A woman casts her ballot in Venezuela's referendum
A referendum on Hugo Chavez's presidency was held in Venezuela on 15 August.
It marked the latest stage in an increasingly bitter opposition campaign to unseat the president, who has already survived a coup, a two-month general strike and a previous attempt to force a vote on his leadership.
BBC News Online looks at what the referendum process entails and what the result could mean for Venezuela.
Q: Why did this referendum take place?
It was Mr Chavez himself who sowed the seeds of his potential downfall when he presided over a complete re-drafting of the Venezuelan constitution in 1999. The new constitution was designed to strengthen his position and concentrate more power in the hands of his Movement of the Fifth Republic (MVR).
But it also laid down that any elected official, including the president, can be subjected to a recall referendum after reaching the midway point of his or her term in office. Mr Chavez reached that point on 19 August 2003, and the opposition had been trying to trigger a vote ever since.
The National Electoral Council ruled earlier this year that the opposition had collected enough valid signatures to force the recall vote.
Q: Why did it take so long to call the referendum?
The conditions demanded by the constitution are not easy to fulfil. Any referendum has to be requested by at least 20% of registered voters - in other words, some 2.4 million people. In August 2003, the opposition produced petitions that were said to contain three million names - but most of them had been gathered earlier in the year, before Mr Chavez had reached his mid-term point, and were ruled inadmissible.
So in November, the opposition tried again, with a four-day signature-gathering marathon that produced a new petition. This time, 3.4 million names were handed in, but the electoral council said only 1.9 million were valid.
In a compromise solution, the council set aside five days at the end of May to allow the owners of disputed signatures to confirm that they did, in fact, back the referendum call. At the end of that verification process, the electoral authorities said the target had been reached and the referendum could take place.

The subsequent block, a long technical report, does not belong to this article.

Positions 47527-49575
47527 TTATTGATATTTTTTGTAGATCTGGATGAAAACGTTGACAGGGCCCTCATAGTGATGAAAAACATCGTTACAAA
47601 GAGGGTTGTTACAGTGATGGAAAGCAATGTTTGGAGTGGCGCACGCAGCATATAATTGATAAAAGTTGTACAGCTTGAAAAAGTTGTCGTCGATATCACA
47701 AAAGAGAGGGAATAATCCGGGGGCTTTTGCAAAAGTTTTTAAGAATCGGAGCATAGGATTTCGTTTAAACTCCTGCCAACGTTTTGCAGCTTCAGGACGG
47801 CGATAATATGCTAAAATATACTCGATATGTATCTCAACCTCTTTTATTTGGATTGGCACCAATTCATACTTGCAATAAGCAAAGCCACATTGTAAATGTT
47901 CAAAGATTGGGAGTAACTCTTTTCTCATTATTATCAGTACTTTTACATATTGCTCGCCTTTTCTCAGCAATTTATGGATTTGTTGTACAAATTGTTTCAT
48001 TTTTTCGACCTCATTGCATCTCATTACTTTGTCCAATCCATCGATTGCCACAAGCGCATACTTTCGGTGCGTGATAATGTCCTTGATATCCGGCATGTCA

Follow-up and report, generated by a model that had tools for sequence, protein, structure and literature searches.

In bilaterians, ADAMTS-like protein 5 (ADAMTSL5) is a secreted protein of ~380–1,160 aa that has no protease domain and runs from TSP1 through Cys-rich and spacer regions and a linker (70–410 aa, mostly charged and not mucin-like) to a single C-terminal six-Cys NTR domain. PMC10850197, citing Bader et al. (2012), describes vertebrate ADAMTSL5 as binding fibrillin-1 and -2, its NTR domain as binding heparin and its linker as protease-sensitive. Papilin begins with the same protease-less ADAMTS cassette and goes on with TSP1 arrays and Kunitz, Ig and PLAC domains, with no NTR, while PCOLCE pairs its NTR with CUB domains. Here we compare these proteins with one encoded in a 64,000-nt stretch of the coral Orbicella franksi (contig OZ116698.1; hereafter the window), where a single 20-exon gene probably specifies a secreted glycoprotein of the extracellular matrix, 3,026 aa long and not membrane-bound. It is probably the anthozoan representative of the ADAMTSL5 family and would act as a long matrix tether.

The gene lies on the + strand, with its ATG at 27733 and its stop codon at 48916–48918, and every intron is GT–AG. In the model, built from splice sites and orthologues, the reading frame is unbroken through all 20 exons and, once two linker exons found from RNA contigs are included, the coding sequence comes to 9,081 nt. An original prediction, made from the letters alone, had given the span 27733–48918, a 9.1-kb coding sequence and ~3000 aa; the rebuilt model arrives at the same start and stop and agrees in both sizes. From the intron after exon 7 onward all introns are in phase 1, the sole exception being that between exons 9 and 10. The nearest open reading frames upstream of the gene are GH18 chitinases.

Q: What if Hugo Chavez had lost?
The recall referendum took place on Sunday 15 August. If enough people had voted to unseat Mr Chavez, fresh presidential elections would follow in 30 days. The winner of that vote would then serve out the rest of Mr Chavez's term in office, which the Supreme Court has extended until 2 February 2007.
However, it looks almost certain that Mr Chavez has survived the attempt on his leadership.
The date of the recall referendum was crucial. Had it been scheduled for after 19 August, there would have been no prospect of fresh elections until 2007 - in the event of a defeat for Mr Chavez, the vice-president would have taken over instead.
Q: What obstacles did the opposition face?
The opposition had to clear at least two major hurdles if its bid was to succeed. First of all, the referendum would not even have been valid unless at least 25% of the electorate cast their vote. But more importantly, a simple majority against Mr Chavez would not have been enough to oust him - the president's opponents had to match or exceed the number of votes that got him re-elected in July 2000. That amounted to 3.76 million - more than even the most generous assessments of the number of anti-Chavez signatures gathered to date.
Q: How much support does the president still have?
There is no doubt that Venezuela has been bitterly polarised by Mr Chavez's presidency. His supporters praise him for improving the lives of the poor with extensive social programmes - which the government has lately been able to bolster using the extra revenue from soaring oil prices - while his opponents see him as a demagogue who draws inspiration from Fidel Castro's Cuba.
Even if Mr Chavez had lost the recall referendum, it was by no means clear that he would have been barred from standing again in the subsequent presidential election. Since a hatred of the president is the one thing that unites his disparate detractors, Mr Chavez could easily win a new mandate at the expense of what is likely to be a fractious and divided opposition.
Q: What happens now?
The National Electoral Council says the referendum results give Mr Chavez a virtually unassailable lead. If his victory is confirmed, Mr Chavez will be mandated to remain in office until fresh presidential elections in early 2007.
However, whether Venezuela's opposition will accept such a result is far from clear. Members of the opposition have used any means they can - legal or not - to try to secure his overthrow and commentators say this setback is unlikely to quench their zeal. Some warn the threat of violence is never far away in this Venezuelan tug-of-war.